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8 Top Tips for Writing a Novel With a Co-Author

Posted by Arthur Gutch on Thu, Jan 19, 2017 @ 11:00 AM

Are you and an author friend considering working together on a novel? It's worked for thousands of writing pairs, but there are pitfalls throughout the process that make it a tough job for some people. Here are 8 tips for making the process work more smoothly. co-authoring_8_tips_Infinity.jpg

Leave Your Ego at the Door

Not every word you write is pure gold. Having a partner can help you to see this, but it hurts sometimes. Make sure you're able to take criticism in the right way.

Listen to Each Other

The story belongs to both of you. Allow each other to spin ideas and go off on tangents. No matter how crazy, one idea can turn into a great plot twist if you give it a chance.

Edit Each Other

In the beginning, at least, write alternating chapters to an outline and edit each other's copy. This way you'll have a uniform editorial voice through the entire book.

Trust Each Other

This is a given. If you can't trust your co-author, hands-down, you might as well not go any further. This doesn't mean letting them make all the decisions, but it does mean believing them when they feel strongly about an issue.

Pick Your Battles

When arguing about plot points, figure out which ones are really important to you and which you can let go. No one gets to win all the time. Pick and choose what you value in the story and give in on the rest.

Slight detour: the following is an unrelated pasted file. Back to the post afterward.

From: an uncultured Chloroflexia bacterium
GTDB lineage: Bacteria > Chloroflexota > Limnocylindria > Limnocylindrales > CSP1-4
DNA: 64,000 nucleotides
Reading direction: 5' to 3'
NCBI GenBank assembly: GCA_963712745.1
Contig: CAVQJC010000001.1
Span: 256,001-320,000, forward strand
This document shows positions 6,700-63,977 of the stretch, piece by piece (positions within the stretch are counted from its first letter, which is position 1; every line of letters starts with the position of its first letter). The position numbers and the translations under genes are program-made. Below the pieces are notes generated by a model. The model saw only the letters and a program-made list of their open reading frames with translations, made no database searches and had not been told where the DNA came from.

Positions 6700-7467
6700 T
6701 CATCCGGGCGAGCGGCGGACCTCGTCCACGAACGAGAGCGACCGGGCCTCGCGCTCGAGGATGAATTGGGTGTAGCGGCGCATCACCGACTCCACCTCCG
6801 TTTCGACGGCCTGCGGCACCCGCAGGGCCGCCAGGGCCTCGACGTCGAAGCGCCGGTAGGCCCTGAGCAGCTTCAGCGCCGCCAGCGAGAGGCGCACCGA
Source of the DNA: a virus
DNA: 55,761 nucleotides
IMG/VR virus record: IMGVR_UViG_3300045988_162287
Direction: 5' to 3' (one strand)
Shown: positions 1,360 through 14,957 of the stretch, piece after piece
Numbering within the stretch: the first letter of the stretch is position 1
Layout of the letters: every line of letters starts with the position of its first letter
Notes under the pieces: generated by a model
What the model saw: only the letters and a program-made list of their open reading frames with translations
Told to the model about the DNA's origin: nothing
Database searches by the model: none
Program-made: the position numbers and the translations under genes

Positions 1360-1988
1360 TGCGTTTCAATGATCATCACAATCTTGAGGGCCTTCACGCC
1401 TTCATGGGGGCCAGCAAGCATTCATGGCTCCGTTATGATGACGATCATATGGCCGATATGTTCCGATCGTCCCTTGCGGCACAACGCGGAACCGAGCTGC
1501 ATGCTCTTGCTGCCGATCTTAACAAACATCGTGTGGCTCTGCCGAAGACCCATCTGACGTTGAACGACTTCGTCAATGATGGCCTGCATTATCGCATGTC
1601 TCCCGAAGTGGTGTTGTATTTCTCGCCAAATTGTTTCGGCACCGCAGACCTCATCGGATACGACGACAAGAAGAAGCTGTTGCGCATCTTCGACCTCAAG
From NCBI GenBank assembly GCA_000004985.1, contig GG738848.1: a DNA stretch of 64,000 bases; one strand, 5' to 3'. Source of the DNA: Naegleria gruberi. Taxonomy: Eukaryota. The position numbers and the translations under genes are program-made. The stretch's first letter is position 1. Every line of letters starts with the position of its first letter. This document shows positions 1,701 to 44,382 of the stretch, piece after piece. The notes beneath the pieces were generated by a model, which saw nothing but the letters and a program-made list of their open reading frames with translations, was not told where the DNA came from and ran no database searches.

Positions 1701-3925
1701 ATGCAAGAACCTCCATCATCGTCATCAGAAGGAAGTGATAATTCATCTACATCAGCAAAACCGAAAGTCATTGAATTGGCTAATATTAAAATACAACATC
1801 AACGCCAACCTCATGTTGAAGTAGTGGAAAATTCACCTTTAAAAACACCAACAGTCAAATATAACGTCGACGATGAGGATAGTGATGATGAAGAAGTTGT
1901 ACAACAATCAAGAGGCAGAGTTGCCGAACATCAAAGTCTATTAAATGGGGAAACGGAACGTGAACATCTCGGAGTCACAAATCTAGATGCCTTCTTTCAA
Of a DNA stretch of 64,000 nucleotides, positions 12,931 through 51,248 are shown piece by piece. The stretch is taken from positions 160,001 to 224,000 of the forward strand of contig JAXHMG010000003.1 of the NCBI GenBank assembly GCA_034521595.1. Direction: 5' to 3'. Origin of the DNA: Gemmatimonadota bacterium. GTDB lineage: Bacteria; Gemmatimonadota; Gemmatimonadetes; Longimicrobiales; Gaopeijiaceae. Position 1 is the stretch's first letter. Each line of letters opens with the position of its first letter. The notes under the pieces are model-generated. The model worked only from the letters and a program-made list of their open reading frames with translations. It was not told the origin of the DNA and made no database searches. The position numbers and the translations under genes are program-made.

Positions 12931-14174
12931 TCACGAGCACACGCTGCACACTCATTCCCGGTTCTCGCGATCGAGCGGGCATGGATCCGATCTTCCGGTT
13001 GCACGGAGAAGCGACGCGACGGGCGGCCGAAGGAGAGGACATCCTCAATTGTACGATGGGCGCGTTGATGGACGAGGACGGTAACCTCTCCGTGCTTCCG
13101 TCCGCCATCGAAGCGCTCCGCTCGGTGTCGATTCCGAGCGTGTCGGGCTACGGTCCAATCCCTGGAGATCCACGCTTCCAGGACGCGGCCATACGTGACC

Fight For What You Want

This is the opposite side of picking your battles. When it comes down to a plot point or twist in the book that you're absolutely sure of, don't back down. Be prepared to make a logical case for what you believe, but don't be bullied just to keep the peace.

Use Your Strengths

Are you great at POV while your partner rocks at coming up with tiny character details? If you're working together you probably know each other's writing styles. Figure out who does what the best, and take advantage of that talent pool. Be accountable to each other for support. After all, that's one of the great things about co-writing: two kinds of talent combined into one book.

Have Fun!

At the end of the day, if it's not fun it's not worth doing. Take a break if you need to, work on the book together only once a month, make it a project for retreats. Figure out how to make this entertainment instead of work.

 

Keep the Faith and May the Force be with You!

 

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